What we have not blogged about is the conditions we have seen here, the personal stories that have pulled our heartstrings, and the simple lives and displays of strength that we have witnessed, specifically in the people and the children of Itzapa.

Though we only scratched the surface of getting to know the kids, getting a glimpse of what it means to grow up in rural Guatemala has been eye opening to say the least. Funny how what is initially shocking becomes accepted as the norm once a significant amount of time is spent getting to know a place. We have not written about the houses that the children live in, often a few sheets of plywood or concrete block walls built up around a dirt floor and tin roof shared with extended family and livestock alike, or about the distances some of the rural children walk to school each day. We have not written about the racism experienced by indigenous people which, in some cases, results in refused entry to public school. We have not written of the family situations we have been made aware of, only to say that these kids are tough. Nor have we written of the malnutrition we have witnessed and what that does to the children’s skin and faces, only to say that they are light and easy to throw into the air. We have not written about the way that some of the children don’t eat their snack so that they can take it home for their moms, only to say that for some it could be their most substantial meal of the day. We have not written of the young kids we passed each day, machetes in hands, following behind their livestock on the way out to the fields, set to put in a days work. Nor have we spoken about the sanitation, or lack thereof, the streets ripe with the smell of refuse and supporting the stray dog population.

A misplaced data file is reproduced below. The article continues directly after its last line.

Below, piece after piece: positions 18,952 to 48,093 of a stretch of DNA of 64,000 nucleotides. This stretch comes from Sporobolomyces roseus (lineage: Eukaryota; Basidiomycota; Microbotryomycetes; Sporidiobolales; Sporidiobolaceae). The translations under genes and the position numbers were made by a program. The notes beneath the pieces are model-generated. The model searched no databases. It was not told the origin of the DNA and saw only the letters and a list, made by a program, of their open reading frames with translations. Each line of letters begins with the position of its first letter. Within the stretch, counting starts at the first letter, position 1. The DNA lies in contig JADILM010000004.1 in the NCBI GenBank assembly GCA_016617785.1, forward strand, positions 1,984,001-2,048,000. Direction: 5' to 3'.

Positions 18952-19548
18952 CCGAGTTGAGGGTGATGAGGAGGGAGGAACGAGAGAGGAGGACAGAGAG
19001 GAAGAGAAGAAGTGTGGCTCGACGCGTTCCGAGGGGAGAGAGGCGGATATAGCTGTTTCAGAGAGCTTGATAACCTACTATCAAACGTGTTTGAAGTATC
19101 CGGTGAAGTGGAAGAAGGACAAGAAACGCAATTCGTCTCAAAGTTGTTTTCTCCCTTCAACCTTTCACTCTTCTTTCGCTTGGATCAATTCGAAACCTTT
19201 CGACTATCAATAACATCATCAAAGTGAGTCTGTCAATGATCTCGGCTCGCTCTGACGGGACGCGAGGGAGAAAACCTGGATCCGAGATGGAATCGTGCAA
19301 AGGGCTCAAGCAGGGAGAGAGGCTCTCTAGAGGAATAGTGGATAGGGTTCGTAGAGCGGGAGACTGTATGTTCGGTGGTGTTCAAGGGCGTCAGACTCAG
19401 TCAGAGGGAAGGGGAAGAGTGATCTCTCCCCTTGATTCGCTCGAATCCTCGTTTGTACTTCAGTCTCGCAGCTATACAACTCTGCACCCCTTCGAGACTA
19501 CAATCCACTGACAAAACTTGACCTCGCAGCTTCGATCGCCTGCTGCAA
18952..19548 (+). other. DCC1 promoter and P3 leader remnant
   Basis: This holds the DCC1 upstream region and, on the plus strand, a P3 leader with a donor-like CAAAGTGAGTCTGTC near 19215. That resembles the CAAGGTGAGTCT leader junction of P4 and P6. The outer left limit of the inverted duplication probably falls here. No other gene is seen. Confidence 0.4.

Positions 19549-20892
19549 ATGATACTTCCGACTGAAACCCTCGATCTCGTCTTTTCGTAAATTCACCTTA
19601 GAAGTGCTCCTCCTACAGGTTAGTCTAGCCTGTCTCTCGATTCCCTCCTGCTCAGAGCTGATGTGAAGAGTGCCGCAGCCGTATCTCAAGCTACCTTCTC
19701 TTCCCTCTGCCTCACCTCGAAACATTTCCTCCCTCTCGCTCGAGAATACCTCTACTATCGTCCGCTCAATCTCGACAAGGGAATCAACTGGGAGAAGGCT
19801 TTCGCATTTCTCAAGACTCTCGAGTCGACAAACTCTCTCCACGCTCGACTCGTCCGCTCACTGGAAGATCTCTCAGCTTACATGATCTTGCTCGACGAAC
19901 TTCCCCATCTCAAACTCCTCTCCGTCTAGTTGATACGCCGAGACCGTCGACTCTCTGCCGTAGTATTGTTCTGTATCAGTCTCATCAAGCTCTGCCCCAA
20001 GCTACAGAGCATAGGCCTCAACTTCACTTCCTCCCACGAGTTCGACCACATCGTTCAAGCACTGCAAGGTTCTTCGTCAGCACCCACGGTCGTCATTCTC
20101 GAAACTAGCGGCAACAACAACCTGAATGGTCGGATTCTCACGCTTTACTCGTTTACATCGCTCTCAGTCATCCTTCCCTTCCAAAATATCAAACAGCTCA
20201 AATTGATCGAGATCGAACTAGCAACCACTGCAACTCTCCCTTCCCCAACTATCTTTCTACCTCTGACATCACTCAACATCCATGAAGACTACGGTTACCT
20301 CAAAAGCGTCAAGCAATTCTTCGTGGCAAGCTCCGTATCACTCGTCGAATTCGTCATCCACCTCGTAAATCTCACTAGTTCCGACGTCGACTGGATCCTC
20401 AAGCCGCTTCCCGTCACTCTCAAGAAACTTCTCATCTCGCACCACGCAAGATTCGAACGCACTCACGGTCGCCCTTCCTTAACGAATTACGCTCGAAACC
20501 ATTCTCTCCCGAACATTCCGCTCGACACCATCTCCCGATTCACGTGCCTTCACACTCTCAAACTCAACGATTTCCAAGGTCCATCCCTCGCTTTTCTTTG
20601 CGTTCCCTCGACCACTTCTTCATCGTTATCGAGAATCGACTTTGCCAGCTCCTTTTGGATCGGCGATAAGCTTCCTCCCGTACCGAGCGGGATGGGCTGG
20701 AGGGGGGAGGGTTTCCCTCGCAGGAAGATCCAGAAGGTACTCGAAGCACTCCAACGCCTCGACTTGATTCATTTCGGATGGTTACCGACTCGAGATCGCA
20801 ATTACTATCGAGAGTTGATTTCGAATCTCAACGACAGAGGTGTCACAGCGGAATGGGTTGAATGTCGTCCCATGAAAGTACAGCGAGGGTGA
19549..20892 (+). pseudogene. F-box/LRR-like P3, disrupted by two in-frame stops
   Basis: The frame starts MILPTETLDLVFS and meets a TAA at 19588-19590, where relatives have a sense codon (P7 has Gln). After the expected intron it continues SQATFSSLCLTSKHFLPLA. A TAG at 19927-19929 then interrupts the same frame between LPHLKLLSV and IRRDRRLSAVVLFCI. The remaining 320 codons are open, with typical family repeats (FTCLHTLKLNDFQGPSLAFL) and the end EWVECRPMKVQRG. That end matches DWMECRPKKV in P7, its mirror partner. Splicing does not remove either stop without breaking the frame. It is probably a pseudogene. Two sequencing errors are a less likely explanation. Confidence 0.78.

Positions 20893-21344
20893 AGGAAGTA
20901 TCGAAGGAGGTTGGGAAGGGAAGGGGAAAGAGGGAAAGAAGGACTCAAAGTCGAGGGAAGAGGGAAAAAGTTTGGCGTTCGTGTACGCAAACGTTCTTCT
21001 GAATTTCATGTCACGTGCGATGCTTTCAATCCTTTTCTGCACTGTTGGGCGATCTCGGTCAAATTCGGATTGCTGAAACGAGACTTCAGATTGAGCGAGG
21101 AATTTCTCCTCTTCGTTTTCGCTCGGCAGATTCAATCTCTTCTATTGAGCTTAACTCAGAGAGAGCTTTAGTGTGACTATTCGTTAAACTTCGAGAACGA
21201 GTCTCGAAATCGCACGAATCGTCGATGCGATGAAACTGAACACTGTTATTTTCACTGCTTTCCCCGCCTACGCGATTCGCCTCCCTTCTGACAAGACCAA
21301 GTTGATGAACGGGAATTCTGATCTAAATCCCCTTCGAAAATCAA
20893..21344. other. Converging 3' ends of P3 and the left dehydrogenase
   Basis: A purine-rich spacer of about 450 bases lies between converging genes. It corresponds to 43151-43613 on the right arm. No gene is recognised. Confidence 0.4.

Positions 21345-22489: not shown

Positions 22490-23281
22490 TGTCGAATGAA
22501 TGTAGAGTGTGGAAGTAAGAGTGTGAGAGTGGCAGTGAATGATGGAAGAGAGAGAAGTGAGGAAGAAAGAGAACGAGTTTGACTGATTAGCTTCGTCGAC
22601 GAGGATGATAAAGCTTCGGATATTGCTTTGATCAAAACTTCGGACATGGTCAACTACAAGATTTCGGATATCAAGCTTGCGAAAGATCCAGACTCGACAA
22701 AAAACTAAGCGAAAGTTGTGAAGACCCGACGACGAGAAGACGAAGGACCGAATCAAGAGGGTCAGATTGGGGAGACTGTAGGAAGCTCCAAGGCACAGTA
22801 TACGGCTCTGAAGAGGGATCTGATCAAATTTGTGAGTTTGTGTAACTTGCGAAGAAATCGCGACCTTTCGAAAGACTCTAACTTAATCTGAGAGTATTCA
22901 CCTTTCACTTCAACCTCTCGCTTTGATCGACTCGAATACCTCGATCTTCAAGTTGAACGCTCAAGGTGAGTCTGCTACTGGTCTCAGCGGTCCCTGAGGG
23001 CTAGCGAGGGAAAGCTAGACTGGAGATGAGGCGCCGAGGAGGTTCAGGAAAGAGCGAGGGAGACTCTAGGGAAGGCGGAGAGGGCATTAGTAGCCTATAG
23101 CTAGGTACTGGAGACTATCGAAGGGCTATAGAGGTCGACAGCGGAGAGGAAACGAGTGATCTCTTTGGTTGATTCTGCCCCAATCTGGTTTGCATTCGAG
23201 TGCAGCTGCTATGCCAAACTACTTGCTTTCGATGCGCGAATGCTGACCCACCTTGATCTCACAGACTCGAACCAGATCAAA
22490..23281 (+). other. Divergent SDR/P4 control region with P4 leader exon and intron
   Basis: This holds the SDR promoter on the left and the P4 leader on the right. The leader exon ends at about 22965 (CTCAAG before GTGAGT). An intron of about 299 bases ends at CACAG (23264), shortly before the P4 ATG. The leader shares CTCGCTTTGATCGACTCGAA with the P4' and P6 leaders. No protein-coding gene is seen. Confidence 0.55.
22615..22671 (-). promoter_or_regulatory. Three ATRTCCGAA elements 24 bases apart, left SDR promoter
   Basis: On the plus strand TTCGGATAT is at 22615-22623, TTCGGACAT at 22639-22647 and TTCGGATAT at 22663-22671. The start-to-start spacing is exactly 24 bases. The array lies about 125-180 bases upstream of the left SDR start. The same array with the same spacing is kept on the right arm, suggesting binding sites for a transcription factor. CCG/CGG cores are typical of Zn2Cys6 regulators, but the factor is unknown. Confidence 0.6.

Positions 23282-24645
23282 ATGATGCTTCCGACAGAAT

And yet, in the face of all these obstacles, I think the kids we met here continue to show up for GVI school incredibly early each day, because they get to be kids and the people there make them smile. Simple enough. Sure, there are the incentives that encourage the parents to send the kids to this ’extra’ school over and above national school, like the food and fertilizer programs in place, but I like to think that it is the opportunity to check their responsibilities at the door and be a kid that keeps them showing up early and eager.
Helping increase the odds of academic success, giving these kids a chance to laugh and smile and letting kids be kids. For that we count our time in Itzapa as time well spent and are proud to have been a part (no matter how small) of positive change.
We have not written about these things as it is these realities that are difficult to put into words. It is difficult to do justice to and pay adequate tribute to those who, without even knowing it, inspire us to truly appreciate the things with which we have been blessed.

We will keep this letter received by one of our students as a reminder that even the seemingly small things just might matter to someone:

"Profe Troy and Seno Nicole,
Thank you for coming here and teaching me, you have tought me a lot. It has been fun to be in your class and I enjoyed when you would sing and dance in class. I am sorry for the times that I didn't pay attention to you. I hope that you and Nicole return soon and when you do, my families home and my arms will be open for the both of you. Safe travels and may god light the way on your remaining journey."

Monday, February 9, 2009

Antigua and Itzapa - A Look Back

Though this posting may be a little late, it has been in the making for the past five weeks and it is only now that our time in Guatemala is over that I look back and have decided to provide a bit of a recap of our time there for you, and also for us.
This is us, about three weeks in I’d guess. We still look the same. Troy’s hair is probably a wee bit longer now. Though the way he constantly runs his fingers through it, you’d think it was down to his shoulders already.

We have been living for the past five weeks in Antigua in an area called the Colonial Candelaria. We were hosted by a sweet woman named Sylvia who prepared fantastic meals for us and always made sure that Troy got enough to eat, usually about twice as much as us girls (he was the favorite). Which brings me to our roommate, Leigh. This is us together on our last night. Leigh currently lives in New York but she’s from the south and starts and ends her sentences with y’all. I thought that was great. Also great was the way she would kill cockroaches and leave them on her floor as a warning to the others…